The Reserve Bank of India (RBI) has lowered the growth projection for the current financial year to 9.5 per cent from 10.5 per cent estimated earlier, while the IMF has projected a growth of 9.5 per cent in 2021 and 8.5 per cent in the next year.

Omicron threat: Asked about the threat from the new Covid variant to the economy, he said the Omicron variant does create uncertainties, but he thinks the world is slowly beginning to live with the Covid-19 virus. As a result, Varma said most sectors of the economy are now able to function with minimal risk to employees and customers. "This reduces the downside risks to economic growth," he observed.

Inflation: On high inflation, Varma pointed out that a few months ago, CPI inflation had breached the upper tolerance band of 6 per cent, but more recently, CPI has been well within the band. According to him, the worry is that inflation is not coming down to the 4 per cent target, and there is a risk of it stabilising at 5 per cent instead for too long a period.

"The rise in core inflation as well as WPI inflation suggest that CPI inflation may stay elevated well into 2022-23.”

Retail inflation inched up to a three-month high of 4.91 per cent in November, mainly due to an uptick in food prices, while the wholesale price-based inflation surged to more than a decade high of 14.23 per cent mainly due to hardening of prices of mineral oils, basic metals, crude petroleum and natural gas.


Economist Arvind Panagariya optimistic on Growth

Arvind Panagariya (former Vice Chairman, NITI Aayog) is also optimistic. “I remain optimistic that we will do very well in the coming year. The forecast for our current fiscal year 2021-2022 has been in the range of 9-10%. Those will be realised. We still do not have the numbers for this second half of this year as the year is not over yet but numbers now look good. The second quarter of the current fiscal year was already above the pre-Covid level and the growth rate was about 8.5%. All signs are positive for the year 2022-2023, which is really most of the year 2022. I think we will get past 8% and this is now overdue for many reasons but most of all, the fact is a lot of reforms’ payoffs have not been fully reaped but it has started to happen. The second thing is that on the financial markets front, the economy looks a little more robust now. The balance sheets of both corporations and banks look in a lot better condition and so the outlook is very positive. Going forward we would see 8% plus growth.”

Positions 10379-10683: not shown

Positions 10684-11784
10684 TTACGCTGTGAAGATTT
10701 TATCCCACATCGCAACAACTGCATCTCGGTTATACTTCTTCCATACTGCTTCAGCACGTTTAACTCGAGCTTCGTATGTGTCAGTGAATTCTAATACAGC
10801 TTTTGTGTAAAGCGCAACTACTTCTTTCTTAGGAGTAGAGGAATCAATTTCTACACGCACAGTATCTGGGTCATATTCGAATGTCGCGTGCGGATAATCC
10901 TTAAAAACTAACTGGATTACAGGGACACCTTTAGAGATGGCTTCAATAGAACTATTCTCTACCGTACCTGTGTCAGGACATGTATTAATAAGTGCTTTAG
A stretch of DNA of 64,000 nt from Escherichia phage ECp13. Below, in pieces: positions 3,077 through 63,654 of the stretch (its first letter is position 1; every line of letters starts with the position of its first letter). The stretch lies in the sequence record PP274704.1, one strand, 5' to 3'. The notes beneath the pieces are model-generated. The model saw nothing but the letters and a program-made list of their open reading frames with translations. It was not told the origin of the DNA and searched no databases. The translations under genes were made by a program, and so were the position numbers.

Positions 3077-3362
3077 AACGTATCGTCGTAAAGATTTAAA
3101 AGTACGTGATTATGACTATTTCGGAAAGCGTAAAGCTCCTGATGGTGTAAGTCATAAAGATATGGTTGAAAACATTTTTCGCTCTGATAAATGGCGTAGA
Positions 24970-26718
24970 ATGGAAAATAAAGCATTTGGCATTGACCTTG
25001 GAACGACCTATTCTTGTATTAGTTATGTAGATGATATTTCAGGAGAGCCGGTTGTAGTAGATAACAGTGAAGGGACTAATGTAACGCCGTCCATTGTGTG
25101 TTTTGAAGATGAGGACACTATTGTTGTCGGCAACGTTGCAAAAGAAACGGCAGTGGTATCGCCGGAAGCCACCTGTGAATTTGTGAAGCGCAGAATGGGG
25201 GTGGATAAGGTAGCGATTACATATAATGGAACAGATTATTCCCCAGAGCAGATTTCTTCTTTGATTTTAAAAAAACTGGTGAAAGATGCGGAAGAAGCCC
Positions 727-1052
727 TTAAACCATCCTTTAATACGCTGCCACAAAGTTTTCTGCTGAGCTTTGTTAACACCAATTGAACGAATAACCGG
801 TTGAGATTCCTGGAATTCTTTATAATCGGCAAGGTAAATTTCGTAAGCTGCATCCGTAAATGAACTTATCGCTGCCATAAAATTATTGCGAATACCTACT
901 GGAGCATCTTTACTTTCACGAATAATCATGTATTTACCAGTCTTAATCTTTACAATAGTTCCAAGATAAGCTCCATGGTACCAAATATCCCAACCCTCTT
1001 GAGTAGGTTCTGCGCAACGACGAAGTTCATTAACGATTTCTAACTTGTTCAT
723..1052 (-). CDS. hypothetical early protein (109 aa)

A historical perspective of the economy: decade of 2010-2020

In view of conflicting views on the trajectory of the economy, it is well to recall the not too distant past.

Mohan Guruswamy (Chairman & Founder, Centre for Policy Alternatives) writes about the decade of 2010-2020. “India’s real gross domestic product (GDP) growth was at its peak in March 2010 when it scaled 13.3 per cent. The nominal GDP at that point was over 16.1 per cent. The nominal GDP in September 2019 was at 6.3 per cent, the lowest in the decade. Since then, the downward trend is evident and we are now scraping the bottom at about a real GDP growth rate of 4.5 per cent, this too with the push of an arguably inflationary methodology.”

Change in structural growth:  The decline in the growth promise, writes Guruswamy “is amply evident from the change in the make-up of the economy during this decade. In 2010, agriculture contributed 17.5 per cent of GDP, while industry contributed 30.2 per cent and services 45.4 per cent. In 2019, that has become 15.6 per cent, 26.5 per cent and 48.5 per cent respectively…….

Decline in capital investment: “The most significant cause for the decline of growth is the decline in capital investment. It was 39.8 per cent of GDP in 2010 and is now a good 10 per cent lower. Clearly, without an increase of capital investment one cannot hope for more industrialisation, and hence higher growth…….

“The decline in the share of capital expenditure was accompanied by a huge expansion in subsidies, most of them unmerited……Clearly, the money for this came from the reduction in capital expenditure.”

The present government’s  “fault in the years since 2014 has been that he did nothing to reverse the trend……”